Bechtel, U.S. Department of Energy Agree On Terms to Complete First Phase of Nuclear Waste Treatment
16 December 2016
Contract revision incentivizes sequenced approach to startup
The U.S. Department of Energy today announced agreement on contract terms with Bechtel that will incentivize treatment of liquid radioactive waste from nuclear weapons production to begin by January 2022. Bechtel will complete and commission the first phase of the Waste Treatment and Immobilization Plant at DOE’s Hanford Site in Washington state, bringing the U.S. closer to addressing the most complex and challenging radioactive waste site in the nation’s history.
“The new contract modification affords the clearest path to vitrifying Hanford’s tank waste as soon as possible – our shared commitment with the Department of Energy,” said Bechtel Project Director Peggy McCullough. “It enables us to complete the first phase in the Department’s sequenced approach, allowing DOE to begin treating waste and, more importantly, protecting people and the Columbia River.”
Bechtel’s current contract was to run through 2019. The new agreement:
- Extends the term to cover the new performance period,
- Formalizes the engineering, construction, and other changes necessary to start up WTP’s Low Activity Waste Facility and associated support facilities while work continues on the remaining two treatment facilities,
- Specifies a robust, multi-year testing and commissioning program to ensure safe operations, and
- Specifies incentives and disincentives for achievement of technical milestones, including an incentive to complete commissioning of the Low Activity Waste facility by January 2022.
The modification is a $3.1 billion change to Bechtel’s contract. Additional details including a total project cost estimate are outlined in a separate announcement by the DOE. Construction of an analytical laboratory and more than 20 support facilities are substantially complete. Construction of the Low-Activity Waste Facility is expected to be complete in June 2018.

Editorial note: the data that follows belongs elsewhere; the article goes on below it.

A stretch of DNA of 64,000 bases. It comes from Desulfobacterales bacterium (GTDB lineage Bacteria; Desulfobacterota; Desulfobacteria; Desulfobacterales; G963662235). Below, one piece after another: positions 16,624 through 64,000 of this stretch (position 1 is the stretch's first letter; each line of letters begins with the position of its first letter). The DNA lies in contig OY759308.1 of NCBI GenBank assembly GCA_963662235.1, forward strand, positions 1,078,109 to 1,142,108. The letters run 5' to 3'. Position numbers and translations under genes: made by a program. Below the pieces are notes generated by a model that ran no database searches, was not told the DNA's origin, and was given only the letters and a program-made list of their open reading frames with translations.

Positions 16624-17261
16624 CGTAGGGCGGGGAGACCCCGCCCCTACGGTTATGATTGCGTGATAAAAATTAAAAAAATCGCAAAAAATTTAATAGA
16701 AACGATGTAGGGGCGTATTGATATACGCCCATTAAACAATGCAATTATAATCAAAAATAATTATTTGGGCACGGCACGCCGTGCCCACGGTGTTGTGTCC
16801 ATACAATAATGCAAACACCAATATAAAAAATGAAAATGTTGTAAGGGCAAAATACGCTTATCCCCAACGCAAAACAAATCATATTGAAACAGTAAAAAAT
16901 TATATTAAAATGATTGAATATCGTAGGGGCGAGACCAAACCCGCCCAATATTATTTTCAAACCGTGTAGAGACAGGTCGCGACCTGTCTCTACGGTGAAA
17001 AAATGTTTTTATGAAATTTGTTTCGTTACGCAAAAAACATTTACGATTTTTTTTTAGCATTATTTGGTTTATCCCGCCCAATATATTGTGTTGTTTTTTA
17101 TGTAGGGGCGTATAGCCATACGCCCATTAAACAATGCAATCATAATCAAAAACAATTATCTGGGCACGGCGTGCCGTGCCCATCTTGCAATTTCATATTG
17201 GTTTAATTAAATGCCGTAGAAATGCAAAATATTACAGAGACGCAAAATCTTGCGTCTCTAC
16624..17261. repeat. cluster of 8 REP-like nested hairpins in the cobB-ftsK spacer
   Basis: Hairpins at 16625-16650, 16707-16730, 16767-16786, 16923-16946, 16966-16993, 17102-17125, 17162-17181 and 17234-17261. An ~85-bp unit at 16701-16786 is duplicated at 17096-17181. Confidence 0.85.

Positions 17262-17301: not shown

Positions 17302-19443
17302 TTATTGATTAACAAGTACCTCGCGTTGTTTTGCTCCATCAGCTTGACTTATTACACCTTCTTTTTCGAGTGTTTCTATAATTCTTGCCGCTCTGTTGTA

Treating Manhattan Project and Cold War-era waste
Hanford had nine nuclear reactors and chemical separation facilities that created plutonium for U.S. nuclear weapons from 1944 to 1987. Approximately 56 million gallons of chemical and radioactive waste is currently stored in underground tanks awaiting treatment.
The waste will be piped to the Low-Activity Waste facility, mixed with silica and other materials, melted, and poured into stainless steel containers where it will solidify. The containers will then be disposed at Hanford’s existing low-level waste disposal site.
The remaining, higher-activity waste is to be processed and treated at two additional facilities that are currently under construction and scheduled for completion in the mid-2030s.
Bechtel and principal subcontractor URS (now AECOM) were hired to complete WTP in 2000.
Bechtel is a leader in environmental cleanup and restoration of former nuclear weapons production sites. The company’s unparalleled experience spans nearly 40 years and includes the cleanup, remediation, and closure of nuclear waste facilities in Washington state, Idaho, New Mexico, Tennessee, Nevada, and South Carolina, including the only currently operating vitrification plant in the U.S. – the Defense Waste Processing Facility at the DOE’s Savannah River Site.